Quebec reveals grand plan for northern tourism
“We have an extraordinary opportunity to produce a tourism experience of the highest calibre”
Quebec plans to spend $32 million to attract more visitors to northern Quebec.
The 10-year plan aims to make the territory north of the 49th parallel a “world-class sustainable tourism destination by 2021,” Quebec’s tourism minister Nicole Ménard said at a Nov. 23 press conference in Quebec City.
The strategy, which falls under the province’s sweeping Plan Nord, envisions opening up Nunavik and the province’s three other regions (James Bay-Eeyou Itschee, Saguenay-Lac-Saint-Jean and Côte Nord) to more eco- and adventure tourism, with a spotlight on regional and Aboriginal culture.
“We have an extraordinary opportunity to produce a tourism experience of the highest calibre,” Ménard said.
But the tourism strategy offers few details on how that product will be built up, saying only that the plan will focus primarily on infrastructure development.
That means investing in more accommodation, welcome centres, tourist products, human resources and marketing.
Quebec will spend about half of what officials estimate will be needed to implement the strategy — $70 million — the rest to come from “economic bodies” in the territory.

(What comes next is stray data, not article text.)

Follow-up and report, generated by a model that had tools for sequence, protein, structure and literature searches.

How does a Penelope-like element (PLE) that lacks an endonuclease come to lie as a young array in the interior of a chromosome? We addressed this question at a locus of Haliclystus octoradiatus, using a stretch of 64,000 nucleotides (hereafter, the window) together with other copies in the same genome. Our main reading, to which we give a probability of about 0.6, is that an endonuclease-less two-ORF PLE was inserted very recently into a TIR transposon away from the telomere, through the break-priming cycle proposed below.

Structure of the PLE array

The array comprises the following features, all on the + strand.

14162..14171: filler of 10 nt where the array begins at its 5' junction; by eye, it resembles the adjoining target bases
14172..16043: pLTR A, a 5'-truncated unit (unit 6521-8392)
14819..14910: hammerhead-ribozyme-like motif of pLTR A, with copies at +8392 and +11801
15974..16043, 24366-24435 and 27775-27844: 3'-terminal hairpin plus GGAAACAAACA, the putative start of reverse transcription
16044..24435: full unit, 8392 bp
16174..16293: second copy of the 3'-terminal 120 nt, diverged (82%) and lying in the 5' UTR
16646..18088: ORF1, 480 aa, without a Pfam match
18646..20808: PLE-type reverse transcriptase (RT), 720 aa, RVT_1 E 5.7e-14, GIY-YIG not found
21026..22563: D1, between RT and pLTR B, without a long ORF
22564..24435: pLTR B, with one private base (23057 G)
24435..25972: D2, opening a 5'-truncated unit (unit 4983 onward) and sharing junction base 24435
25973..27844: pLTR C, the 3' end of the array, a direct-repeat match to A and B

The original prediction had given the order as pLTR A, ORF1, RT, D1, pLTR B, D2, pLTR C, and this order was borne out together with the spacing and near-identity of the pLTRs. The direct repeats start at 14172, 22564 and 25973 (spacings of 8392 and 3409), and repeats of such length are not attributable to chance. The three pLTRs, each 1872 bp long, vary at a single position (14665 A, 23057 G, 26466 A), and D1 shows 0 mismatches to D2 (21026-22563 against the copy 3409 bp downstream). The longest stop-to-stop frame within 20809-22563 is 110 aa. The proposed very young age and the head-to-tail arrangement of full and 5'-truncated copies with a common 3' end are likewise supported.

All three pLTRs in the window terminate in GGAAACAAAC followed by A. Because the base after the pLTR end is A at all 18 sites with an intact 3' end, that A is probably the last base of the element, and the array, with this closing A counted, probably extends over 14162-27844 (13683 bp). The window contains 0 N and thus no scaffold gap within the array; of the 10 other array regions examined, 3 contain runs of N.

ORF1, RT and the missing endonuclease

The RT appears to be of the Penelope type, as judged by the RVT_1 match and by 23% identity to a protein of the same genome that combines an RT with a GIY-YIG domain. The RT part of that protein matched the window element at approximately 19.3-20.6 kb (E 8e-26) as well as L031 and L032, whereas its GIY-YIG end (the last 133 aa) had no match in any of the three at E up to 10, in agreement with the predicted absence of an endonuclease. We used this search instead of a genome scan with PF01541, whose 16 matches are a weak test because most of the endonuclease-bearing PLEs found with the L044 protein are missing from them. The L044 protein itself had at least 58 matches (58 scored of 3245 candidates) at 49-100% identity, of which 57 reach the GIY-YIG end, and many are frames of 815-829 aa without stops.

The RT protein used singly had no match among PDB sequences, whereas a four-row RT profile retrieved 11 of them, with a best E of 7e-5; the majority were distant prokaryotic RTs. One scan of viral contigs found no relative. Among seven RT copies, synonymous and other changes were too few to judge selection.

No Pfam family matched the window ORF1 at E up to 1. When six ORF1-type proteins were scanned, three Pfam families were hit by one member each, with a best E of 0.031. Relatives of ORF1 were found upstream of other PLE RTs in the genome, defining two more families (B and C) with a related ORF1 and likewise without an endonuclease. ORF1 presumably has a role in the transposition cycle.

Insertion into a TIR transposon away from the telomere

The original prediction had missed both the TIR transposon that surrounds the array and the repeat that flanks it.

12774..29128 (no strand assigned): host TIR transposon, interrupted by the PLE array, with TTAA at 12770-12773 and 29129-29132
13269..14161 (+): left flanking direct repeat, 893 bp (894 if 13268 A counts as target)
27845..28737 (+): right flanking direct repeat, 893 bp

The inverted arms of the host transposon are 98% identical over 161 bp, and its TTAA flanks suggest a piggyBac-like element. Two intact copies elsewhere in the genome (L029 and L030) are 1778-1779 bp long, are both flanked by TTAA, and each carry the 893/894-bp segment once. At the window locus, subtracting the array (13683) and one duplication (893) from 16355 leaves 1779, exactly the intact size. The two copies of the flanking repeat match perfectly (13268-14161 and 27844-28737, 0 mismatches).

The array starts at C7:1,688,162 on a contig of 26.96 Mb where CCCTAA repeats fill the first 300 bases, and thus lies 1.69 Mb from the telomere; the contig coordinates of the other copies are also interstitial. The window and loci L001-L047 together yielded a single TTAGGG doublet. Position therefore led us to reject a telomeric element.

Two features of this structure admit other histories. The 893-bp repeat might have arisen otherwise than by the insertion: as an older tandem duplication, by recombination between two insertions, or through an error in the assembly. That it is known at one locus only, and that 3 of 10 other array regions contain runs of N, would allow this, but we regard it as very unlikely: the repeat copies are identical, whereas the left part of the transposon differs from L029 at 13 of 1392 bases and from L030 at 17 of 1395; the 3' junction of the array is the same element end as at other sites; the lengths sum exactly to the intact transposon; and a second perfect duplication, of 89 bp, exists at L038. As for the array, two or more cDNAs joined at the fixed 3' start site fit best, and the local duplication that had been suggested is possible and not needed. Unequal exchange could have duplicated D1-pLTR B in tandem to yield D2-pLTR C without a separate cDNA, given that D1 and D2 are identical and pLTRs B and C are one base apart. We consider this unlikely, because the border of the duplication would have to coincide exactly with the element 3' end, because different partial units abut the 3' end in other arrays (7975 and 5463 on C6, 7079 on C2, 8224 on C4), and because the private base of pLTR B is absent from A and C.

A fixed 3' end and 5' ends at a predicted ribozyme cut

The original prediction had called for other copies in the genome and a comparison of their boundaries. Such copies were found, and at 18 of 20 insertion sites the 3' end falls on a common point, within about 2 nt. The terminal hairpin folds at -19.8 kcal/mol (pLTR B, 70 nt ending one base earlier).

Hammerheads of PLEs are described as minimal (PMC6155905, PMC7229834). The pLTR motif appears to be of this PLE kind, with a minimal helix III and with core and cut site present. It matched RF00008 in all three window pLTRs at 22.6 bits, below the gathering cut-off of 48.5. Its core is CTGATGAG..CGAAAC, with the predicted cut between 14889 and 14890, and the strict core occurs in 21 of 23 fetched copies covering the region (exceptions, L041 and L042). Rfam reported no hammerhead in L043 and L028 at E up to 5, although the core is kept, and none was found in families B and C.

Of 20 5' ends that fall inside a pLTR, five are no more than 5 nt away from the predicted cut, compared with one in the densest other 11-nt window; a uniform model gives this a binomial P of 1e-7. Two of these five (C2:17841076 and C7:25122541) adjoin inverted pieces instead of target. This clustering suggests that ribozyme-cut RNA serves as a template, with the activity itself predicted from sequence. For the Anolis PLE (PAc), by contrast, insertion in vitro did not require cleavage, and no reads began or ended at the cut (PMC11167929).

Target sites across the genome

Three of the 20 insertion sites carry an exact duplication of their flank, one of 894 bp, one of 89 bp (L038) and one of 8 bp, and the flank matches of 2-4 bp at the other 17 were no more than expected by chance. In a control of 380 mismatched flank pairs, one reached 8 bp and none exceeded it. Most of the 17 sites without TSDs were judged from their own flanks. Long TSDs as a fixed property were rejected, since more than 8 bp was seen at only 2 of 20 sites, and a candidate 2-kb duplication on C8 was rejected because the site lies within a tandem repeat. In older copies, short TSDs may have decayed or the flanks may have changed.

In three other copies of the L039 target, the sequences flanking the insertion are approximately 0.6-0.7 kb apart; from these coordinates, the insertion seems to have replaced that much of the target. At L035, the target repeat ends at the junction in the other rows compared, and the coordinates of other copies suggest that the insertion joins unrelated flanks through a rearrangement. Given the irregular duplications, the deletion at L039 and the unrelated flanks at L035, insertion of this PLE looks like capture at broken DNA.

But the development of this new tourism destination will mean significant spinoffs for northern communities, Ménard said.
Quebec wants to see tourism generating an estimated $1.16 billion for the region by 2021.
That translates into tourists spending $140 million in northern Quebec every year.
“For every $100 a tourist spends north of the 49th parallel, $80 will go to profit the Quebec economy,” she said.
When asked about the how tourists will pay the hefty price tag to travel between Montreal and Nunavik, Ménard said that is something her department will continue to focus on.
“We’re very aware of this,” she said. “It will require working with all of our regional partners.”
Quebec’s native affairs minister Geoffrey Kelley said Nunavik has already come a long way in developing its tourism product and making it more accessible to southern visitors.
“We’ve seen an incredible progress in the infrastructure development in Kuujjuaq,” he said. ‘The capacity to welcome visitors has grown significantly in recent years.”
Kelley heaped praise on Nunavik’s tourism attractions, from its wildlife to the Pingualuit crater and the Torngat mountains.
“These are things we rarely get to experience but it’s something I would recommend to anyone,” he said.
The province has also created an assistance program for regional tourism projects in northern Quebec — its details will be announced later.